Image of a home for sale. (Andy Dean Photography via Shutterstock)
(Andy Dean Photography via Shutterstock)
JONATHAN L. WHARTON

Last week was a contentious moment in recent Connecticut history. To have suburban and urban officials point fingers at one another about housing policies was melodramatic. And since this is the age of COVID, the General Assembly held online hearings for hours as local media covered affordable housing as a social justice issue. 

To understand Connecticut’s community development uniqueness, we need to recognize that our state relishes home rule – or local governance autonomy. Connecticut did away with county government in the 1960s and limited economic development connectivity across town lines. 

It’s also no secret that Connecticut relied significantly on de facto or invisible segregation when it comes to localized zoning, planning, community development and public school policy. Just look at your own neighborhood and school district and it’s easy to see how divided we remain even in the 21st century.

Zoning laws and planning strategies help reinforce some of this racial, but also class, division. Historically, real estate agents and brokers often steered families into defined neighborhoods and banks redlined or guaranteed mortgages in specific communities especially before the practices were made illegal in the early 1970s. In fact, the real estate industry’s practice in West Hartford and Bloomfield is a textbook case study

Yet this week, various officials politicized race in our divided urban-suburban areas. While many minorities are poorer than many whites, some minorities are middle class. And many whites – but not all – are wealthier. There is a wealth gap in Connecticut but race is not class. But one could hardly tell after recent debate among Connecticut’s mayors and suburban state lawmakers as housing affordability appeared to be more a racial concern than a class issue.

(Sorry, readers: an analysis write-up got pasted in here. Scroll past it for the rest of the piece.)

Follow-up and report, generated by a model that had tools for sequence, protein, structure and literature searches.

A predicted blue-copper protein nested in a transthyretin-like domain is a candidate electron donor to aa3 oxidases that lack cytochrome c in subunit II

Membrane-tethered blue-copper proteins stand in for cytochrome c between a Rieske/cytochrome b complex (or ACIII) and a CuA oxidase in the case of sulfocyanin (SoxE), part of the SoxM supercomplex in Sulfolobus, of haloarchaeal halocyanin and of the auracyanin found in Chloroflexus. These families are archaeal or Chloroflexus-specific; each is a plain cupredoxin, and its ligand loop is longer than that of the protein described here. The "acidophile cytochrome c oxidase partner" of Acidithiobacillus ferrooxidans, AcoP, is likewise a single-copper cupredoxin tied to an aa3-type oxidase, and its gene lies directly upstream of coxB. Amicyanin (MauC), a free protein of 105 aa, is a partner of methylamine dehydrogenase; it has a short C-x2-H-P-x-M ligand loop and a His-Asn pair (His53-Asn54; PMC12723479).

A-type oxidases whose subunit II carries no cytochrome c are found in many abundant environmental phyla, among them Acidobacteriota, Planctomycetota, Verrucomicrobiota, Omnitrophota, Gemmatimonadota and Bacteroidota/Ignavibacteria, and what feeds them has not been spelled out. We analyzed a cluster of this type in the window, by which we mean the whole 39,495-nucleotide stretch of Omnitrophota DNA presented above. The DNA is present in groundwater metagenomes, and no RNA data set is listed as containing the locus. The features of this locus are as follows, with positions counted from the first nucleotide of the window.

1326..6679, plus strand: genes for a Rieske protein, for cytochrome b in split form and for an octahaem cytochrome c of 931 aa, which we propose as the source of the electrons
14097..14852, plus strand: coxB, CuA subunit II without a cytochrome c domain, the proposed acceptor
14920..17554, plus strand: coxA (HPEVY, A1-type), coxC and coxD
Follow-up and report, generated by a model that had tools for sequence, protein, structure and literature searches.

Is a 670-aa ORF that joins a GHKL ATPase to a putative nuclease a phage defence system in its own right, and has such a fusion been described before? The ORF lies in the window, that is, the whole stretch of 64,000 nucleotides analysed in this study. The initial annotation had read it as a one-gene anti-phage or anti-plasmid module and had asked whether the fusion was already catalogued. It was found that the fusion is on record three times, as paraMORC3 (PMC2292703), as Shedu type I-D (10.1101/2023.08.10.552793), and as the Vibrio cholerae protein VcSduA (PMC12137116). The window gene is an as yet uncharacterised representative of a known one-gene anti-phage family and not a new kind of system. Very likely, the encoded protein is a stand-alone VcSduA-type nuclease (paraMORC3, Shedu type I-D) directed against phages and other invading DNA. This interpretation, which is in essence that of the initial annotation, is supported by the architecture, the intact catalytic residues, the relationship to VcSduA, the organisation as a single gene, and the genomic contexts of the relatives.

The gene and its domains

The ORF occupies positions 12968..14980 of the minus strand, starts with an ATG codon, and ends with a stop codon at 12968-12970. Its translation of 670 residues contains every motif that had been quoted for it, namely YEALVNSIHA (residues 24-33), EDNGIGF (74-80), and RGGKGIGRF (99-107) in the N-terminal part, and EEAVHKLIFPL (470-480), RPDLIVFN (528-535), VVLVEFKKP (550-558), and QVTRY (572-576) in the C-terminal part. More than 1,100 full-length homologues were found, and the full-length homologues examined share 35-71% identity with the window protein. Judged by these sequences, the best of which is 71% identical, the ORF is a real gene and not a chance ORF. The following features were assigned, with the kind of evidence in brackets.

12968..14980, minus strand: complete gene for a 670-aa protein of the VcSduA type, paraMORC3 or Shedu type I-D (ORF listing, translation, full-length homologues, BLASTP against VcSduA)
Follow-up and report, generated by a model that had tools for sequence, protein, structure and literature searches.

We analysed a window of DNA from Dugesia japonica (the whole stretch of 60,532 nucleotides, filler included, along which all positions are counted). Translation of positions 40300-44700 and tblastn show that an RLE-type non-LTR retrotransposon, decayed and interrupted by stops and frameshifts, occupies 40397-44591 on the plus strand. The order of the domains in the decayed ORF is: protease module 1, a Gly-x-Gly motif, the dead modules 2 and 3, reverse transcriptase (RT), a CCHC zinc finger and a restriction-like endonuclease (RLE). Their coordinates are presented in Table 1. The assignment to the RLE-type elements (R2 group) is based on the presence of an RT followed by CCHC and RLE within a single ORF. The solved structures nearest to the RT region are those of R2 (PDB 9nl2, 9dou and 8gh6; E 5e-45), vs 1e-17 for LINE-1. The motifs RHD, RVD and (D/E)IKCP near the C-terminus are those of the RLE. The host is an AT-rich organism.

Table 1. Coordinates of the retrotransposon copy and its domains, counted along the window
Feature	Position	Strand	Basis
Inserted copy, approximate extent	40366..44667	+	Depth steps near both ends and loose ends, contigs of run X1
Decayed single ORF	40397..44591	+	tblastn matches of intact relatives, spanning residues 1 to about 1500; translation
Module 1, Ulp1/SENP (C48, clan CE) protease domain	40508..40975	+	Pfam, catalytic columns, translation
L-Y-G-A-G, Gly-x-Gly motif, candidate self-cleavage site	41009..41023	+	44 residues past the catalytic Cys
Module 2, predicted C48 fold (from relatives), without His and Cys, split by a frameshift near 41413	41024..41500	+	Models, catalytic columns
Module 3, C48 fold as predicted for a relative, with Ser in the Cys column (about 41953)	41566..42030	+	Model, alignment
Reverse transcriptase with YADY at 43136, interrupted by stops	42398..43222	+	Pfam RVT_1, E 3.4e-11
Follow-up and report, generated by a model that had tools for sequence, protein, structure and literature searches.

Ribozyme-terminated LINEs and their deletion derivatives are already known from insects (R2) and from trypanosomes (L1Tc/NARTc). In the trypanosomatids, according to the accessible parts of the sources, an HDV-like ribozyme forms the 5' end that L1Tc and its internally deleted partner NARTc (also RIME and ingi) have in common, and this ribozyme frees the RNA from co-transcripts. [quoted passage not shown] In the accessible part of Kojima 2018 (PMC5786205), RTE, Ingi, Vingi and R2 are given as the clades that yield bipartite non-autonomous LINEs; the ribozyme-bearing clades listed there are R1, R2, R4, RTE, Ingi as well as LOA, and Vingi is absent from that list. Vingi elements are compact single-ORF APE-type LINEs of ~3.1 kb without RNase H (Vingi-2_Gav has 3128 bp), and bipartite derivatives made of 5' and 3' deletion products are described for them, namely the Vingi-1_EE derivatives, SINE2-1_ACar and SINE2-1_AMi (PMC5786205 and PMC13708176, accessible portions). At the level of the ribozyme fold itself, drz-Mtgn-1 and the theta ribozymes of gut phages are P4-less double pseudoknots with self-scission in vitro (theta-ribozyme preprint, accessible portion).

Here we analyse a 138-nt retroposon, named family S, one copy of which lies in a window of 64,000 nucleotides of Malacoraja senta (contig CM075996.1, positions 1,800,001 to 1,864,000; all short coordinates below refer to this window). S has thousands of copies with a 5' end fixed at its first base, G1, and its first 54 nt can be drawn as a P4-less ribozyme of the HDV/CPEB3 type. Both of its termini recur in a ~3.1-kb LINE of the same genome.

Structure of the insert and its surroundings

In an added plot twist, it took a white New Canaan native son and current New Haven mayor to tell Fairfield County officials how racially divided Connecticut remains. It also took a couple of wealthy minority state lawmakers to remind the mayor that Fairfield County is a hyper-home rule place

Unfortunately, race has been used too often as a reason for multifamily housing and zoning reform practices especially in Connecticut’s suburbs. And many officials conflate race with class.

Will urban Democratic officials recognize how they politicize race in housing policy? Can suburban Republican politicians understand that their communities are significantly middle class for a reason? Considering our current hyper-partisan era, officials are at a public policy impasse leaving housing policy to remain an ongoing saga. 

Instead of following the finger-pointing then, pay special attention to how the state government may play an increasing role in housing affordability policies. Since Connecticut does not have county or regional governance particularly in economic development matters, housing will remain a third-rail issue. 

As someone who researches and teaches economic development, I have observed and written about various tri-state area initiatives. One such housing approach state lawmakers is considering would be development along existing or future public transit routes.  Transit Oriented Development has been successful in nearby states and gained interest among retirees and younger residents. I’ll offer in a future column this initiative along with other policies that could help our cities flourish and class-diversify our suburbs.  

Jonathan L. Wharton, Ph.D. is the associated dean of the School of Graduate and Professional Studies and teaches political science at Southern Connecticut State University in New Haven. He was on New Haven’s City Plan Commission and is a frequent contributor on WNPR.